The cases of child abuse in the Madison area are increasing, and while some of the scars are evident, others aren’t not, officials said. This is the reason a local nonprofit has also been working quietly for almost three decades to help some of the most vulnerable victims heal.
The pain of child abuse can be locked away for years, resurfacing in troubling ways. That was starting to happen to 6-year-old Ian. His mother, Lulu Santiago, said she noticed something was wrong last year.
“He was scared about staying in his room by himself,” said Santiago. “He was just very sad. I asked him many times, ‘Ian, what happened at school?’ and ‘How was school?’ He was like, ‘Good,’ ‘I don’t know.'”
It was through his school that Santiago said she found out the truth. The news was devastating: Someone close to Ian abused him when he was 5 years old. Santiago said she didn’t want to share the details, fearing Ian’s progress would be affected, but she was determined to help her son heal.
She said she accepted a referral to the Rainbow Project in Madison.
“So many of the kids we see have lost ownership of their bodies, and a lot of times, it’s happened because someone or something in their life has directly assaulted their body,” said Jenny Bisswurm, child and family psychotherapist at the Rainbow Project Inc.
For the 30 years, the counseling and resource clinic has served children 10 and under, most of whom have experienced early childhood trauma.
“I truly, truly believe that they have the ability to heal within, and they have the spirit that it takes to do that,” said Bisswurm.
Bisswurm uses a combination of movement and yoga therapy to help abuse survivors heal. Ian’s weekly sessions start slow and simple with what is called “belly breathing.” It reduces muscle tension and blood pressure as it calms the body, according to Bisswurm.
“My mom is here. She is a safe person. I am safe in my body,” Bisswurm whispered to Ian during one of their sessions as he took deep breaths.
The hour-long session continued outside with yoga.
“We’re going to breathe in and put or arms out to the sky,” Bisswurm instructed. “[Grab] all the sun’s happy energy.”
The two then move on to one of Ian’s favorite poses, the warrior.
Back inside, Santiago joined in the therapy.
“Could you imagine it’s a really warm day?” asked Santiago as her son lay on the floor.
This type of therapy is becoming increasingly popular around the nation. While the approach isn’t for all children, Bisswurm said it works well for some, such as Ian.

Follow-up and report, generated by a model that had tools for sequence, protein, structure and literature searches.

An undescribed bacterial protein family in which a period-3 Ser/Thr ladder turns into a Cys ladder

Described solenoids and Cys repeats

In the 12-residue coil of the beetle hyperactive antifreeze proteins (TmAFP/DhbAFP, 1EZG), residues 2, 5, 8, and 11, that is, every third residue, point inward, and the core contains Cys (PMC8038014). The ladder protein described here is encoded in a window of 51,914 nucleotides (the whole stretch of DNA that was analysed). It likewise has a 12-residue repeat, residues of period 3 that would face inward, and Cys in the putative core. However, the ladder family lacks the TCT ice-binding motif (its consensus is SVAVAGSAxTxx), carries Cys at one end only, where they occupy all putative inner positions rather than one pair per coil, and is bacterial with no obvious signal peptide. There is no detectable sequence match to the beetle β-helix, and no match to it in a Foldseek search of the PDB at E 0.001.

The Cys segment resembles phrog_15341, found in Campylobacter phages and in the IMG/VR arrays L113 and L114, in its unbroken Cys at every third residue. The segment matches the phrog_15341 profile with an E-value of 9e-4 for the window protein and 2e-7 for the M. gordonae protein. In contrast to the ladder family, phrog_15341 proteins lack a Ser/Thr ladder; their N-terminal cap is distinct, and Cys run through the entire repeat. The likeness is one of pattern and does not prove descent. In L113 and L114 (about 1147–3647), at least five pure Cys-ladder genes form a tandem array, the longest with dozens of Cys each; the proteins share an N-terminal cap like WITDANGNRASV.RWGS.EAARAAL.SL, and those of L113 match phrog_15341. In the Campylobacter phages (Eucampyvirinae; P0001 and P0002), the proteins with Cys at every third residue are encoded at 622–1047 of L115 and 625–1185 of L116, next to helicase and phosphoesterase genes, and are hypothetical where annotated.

“Kids will come in and be so proud that they didn’t get into an altercation at school because they used their breaths,” she said.
A new found happiness is a sign that Santiago, like many other children, is turning his pain into inner peace. Santiago said it took about six months, but Ian has made a tremendous improvement. She said he now smiles, has better self-esteem and is beginning to trust people again.
Suspected child abuse cases are increasing in Dane County. A little more than 4,000 cases were reported in 2008, officials said. But last year, the number jumped to nearly 5,200 cases — 1,000 more than the year before.
Officials said that the reasons for the increase include greater stress on parents or caregivers, unemployment and especially poverty, according to the Exchange Center, which works to prevent abuse.
The impact of that abuse on a child’s development is great.
“A child that lives in an environment that is very stressful with a lot of yelling and potentially abusive situations will be impacted on brain development. That child by somewhere between (ages) 3 and 5 will have a brain that is 20-30 percent smaller than a child that is in a healthy nurtured home,” said Jane Nemke, executive director at the Exchange Center.
There are things all parents, those affected by abuse and those not, can do at home to help open the lines of communication, according to the Rainbow Project. Even little things like brushing a child’s hair at night can make a huge difference.[via Channel3000]